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Riding the Twenty20 wave

They have never won a County Championship, but the shortest form of the game is proving Northamptonshire's ticket out of anonymity

Lawrence Booth

June 5, 2009

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Ian Harvey on his way to 48 off 21 balls, Gloucestershire v Glamorgan, Bristol, July 4, 2006
Northamptonshire have been quick to rope in Ian Harvey © Getty Images
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Northamptonshire are not renowned for making headlines or setting trends. They have never won the County Championship, and a mid-table division-two staple since 2005, it's fair to say they'll be stretched to break their duck any time soon. The tag they attract most often is "unfashionable", which they just about accept with a grumpy grin. But when it comes to Twenty20 cricket, there may be no county in the land that better captures the spirit of the age.

It is not just that Northamptonshire have won five of their first six matches in this season's Twenty20 Cup, although that certainly helps. Rather, it is the way in which a club that has spent much of the last five years getting its financial house in order now regards the lucrative 20-over format as first among equals. Concerned that Twenty20 will change the priorities of counties at smaller grounds who miss out on the extra cash provided by hosting international cricket? Look no further than Wantage Road.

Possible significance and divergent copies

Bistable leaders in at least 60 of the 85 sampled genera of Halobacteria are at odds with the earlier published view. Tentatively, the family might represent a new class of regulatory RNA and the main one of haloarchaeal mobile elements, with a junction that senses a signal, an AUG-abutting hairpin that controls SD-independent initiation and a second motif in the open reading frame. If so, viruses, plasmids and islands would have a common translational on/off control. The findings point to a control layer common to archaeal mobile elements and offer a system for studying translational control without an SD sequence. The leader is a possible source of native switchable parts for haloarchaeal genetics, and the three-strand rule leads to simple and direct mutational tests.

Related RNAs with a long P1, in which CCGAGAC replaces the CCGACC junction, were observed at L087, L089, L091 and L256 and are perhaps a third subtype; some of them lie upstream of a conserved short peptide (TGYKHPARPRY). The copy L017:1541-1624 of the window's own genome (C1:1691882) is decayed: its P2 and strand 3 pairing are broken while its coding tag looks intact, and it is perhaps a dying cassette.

For some this shift of emphasis - exemplified by the short-term, Twenty20 signing of Australia's limited-overs magician Ian Harvey - is embraced only ambivalently, and David Capel, the county's coach, is adamant that promotion to the first division of the championship is as holy a grail as anything.

But Northamptonshire's chief executive, Mark Tagg, is unhesitant about which piece of silverware in the club's cabinet he would prefer to walk past every morning. "From a purely financial point of view, to see the crowds and the joy on the kids' faces when we win a game of Twenty20 cricket, it's clear we need success where it's at its most visible," he says. "Twenty20 plays an ever-more critical role and can dictate whether we have a good or a bad season." And with the top three sides in each of the three regional groups automatically qualifying for division one of next year's new two-tier P20 league, the stakes this season are even higher.

It's easy to mock, but consider the maths: 75% of the money Northamptonshire pull in from corporate hospitality is generated by the Twenty20 Cup. The figure for gate receipts would be the same this year were it not for the three-day game against the touring Australians in July, which reduces Twenty20's share to a mere 58%. As Tagg says, "The reality is we're not going to get a full house in four-day cricket. The traditionalists might not like it, but that is the financial reality."

For Northamptonshire, even more than most counties, "financial reality" is a loaded concept. As recently as 2004, the club was coming to terms with a multi-thousand-pound embezzlement scandal involving a former employee, while last year's overall loss of £28,000 has been depicted as a small triumph, mainly because it means the club has not had to dip into its overdraft.